In an eavesdropping attack, attackers snoop on network communications, overhearing information that they might not be authorized to see. In this video, learn about the various types of eavesdropping attacks that malicious individuals might use to jeopardize the confidentiality of information.
- [Instructor] In some cases, an attacker can gain physical or logical access to the network, and eavesdrop on communications between two systems. These attacks can be especially dangerous because they allow the attacker to potentially decrypt encrypted communications and view confidential information without the sender's knowledge or consent. All eavesdropping attacks require some compromise of the communications path between a client and a server. This might include tapping into a network device or cable, or conducting a DNS or ARP poisoning attack to trick a system into sending traffic directly to an attacker instead of the intended recipient.
Let's look at two attacks based upon eavesdropping. Man in the Middle Attacks, and Replay Attacks. Here's how most people imagine web communication takes place. The user, running a web browser, initiates a connection to a server, located somewhere off in a data center. The reality is that those communications travel over many network connections along the way. Any one of the devices in the middle represents a possible point where an eavesdropper might listen in on the communication.
Encryption, such as that used with HTTPS, prevents any of those intermediate devices from viewing or altering the communication. Since simple eavesdropping is easily defeated by encryption, attackers can use the Man in the Middle Attack to step up the game a bit. In this attack, the attacker tricks the sending system during the initial communication. This might be done by reconfiguring a network device, or using DNS or ARP poisoning. Instead of establishing communications with a legitimate server, the user then connects directly to the attacker.
The attacker, in turn, connects to the legitimate server. The user authenticates to the fake server set up by the attacker, and the attacker acts as a relay, the man in the middle, and can view all of the communications that take place between the client and the server. The attacker receives the requests from the user, passes them onto the server, and receives the real responses, reads them, and then replays them to the original user, who has no idea that there is a man in the middle intercepting those communications.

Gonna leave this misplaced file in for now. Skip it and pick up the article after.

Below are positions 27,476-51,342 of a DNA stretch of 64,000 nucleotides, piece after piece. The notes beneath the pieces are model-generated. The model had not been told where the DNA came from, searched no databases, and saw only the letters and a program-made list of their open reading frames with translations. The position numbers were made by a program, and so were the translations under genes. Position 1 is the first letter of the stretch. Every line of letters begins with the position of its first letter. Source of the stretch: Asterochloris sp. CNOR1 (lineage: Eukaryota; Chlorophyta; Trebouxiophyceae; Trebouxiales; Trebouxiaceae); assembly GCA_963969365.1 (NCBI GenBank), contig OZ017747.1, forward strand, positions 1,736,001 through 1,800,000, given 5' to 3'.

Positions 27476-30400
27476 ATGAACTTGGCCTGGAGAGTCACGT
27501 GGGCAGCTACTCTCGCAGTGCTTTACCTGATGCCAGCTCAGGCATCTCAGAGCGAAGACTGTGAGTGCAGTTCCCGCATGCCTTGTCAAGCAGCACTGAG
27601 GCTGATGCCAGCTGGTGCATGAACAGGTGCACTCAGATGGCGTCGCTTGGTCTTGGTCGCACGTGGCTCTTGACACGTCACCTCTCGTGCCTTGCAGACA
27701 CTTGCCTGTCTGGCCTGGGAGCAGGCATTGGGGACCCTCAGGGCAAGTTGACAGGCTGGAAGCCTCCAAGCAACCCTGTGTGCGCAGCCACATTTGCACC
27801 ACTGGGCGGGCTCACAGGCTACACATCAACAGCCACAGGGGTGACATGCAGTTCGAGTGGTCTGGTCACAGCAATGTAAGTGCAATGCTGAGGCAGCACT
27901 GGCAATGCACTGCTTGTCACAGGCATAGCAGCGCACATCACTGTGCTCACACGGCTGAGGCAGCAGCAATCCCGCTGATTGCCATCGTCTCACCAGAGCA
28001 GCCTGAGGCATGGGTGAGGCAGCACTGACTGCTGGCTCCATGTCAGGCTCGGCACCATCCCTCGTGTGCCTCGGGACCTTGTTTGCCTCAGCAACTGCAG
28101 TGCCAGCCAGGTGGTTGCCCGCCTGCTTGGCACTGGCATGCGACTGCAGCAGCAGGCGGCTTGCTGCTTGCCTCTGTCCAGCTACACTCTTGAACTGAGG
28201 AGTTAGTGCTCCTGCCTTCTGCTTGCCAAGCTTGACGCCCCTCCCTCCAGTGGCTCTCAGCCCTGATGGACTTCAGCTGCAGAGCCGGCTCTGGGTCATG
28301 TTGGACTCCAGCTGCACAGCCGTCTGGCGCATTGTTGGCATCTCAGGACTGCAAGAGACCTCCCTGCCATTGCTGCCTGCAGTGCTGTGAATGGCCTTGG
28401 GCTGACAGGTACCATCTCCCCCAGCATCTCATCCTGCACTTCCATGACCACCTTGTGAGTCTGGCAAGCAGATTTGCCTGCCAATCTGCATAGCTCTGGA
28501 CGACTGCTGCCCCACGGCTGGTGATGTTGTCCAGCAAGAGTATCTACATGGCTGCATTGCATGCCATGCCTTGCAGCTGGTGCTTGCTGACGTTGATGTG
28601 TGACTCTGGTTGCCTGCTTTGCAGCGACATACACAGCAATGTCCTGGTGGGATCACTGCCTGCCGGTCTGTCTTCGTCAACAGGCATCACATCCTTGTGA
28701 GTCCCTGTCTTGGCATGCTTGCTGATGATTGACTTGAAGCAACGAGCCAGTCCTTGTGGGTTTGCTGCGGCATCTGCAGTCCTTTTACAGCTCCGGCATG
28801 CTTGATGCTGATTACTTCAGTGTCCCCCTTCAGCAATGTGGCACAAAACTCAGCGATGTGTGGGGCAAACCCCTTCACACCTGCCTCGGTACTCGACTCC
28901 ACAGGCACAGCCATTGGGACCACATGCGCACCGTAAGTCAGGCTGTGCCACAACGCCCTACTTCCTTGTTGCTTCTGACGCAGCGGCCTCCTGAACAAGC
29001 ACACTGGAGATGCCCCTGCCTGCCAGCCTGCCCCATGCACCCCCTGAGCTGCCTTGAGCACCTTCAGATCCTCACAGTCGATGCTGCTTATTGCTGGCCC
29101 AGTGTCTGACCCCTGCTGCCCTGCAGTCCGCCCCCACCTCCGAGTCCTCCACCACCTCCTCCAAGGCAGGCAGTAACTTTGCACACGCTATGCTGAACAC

The Man in the Browser Attack is a variation on the Man in the Middle Attack, where the attacker compromises the user's web browser or a browser plugin to gain access to web communications. If attackers have the ability to capture network traffic, they can also conduct a Replay Attack. A Replay Attack uses previously captured data, such as an encrypted authentication token, to create a separate connection to the server that is authenticated, but does not involve the real end user.
If the attacker can resend the authentication sequence, without the remote system noticing that it is being replayed, the attacker can then use those credentials for his or her own purposes. In a Replay Attack, the attacker typically cannot see the actual credentials, but only has the encoded version of them available. Fortunately, Replay Attacks are easily defeated by using a simple session token, or through the use of timestamps. Each session established with a remote system should use a new token that is chosen randomly and has a limited lifespan suitable to the length of time the authenticated session should last.
Then, when the attacker tries to replay that token, it's already expired and not valid. Timestamps work in a similar way, and rely upon both systems having their system time set properly to ensure that the packets they were sending were sent during a similar time window. Replay Attacks can succeed during that short time window, but attacks at a later time will be rejected. Once an attacker gains access to the network underlying a connection, it becomes very difficult to protect those communications.
Encryption, secure network configuration, and strong authentication mechanisms are all good ways to protect your applications and users from falling victim to eavesdropping attacks.
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- Comparing viruses, worms, and Trojans
- Backdoors and logic bombs
- Understanding the attacker
- Attack types: from denial of service to brute force attacks
- Preventing insider threats
- Wireless attacks
- Understanding cross-site scripting
- Preventing SQL injection
- Social engineering
- Scanning for vulnerabilities
- Penetration testing
- Assessing the impact of vulnerabilities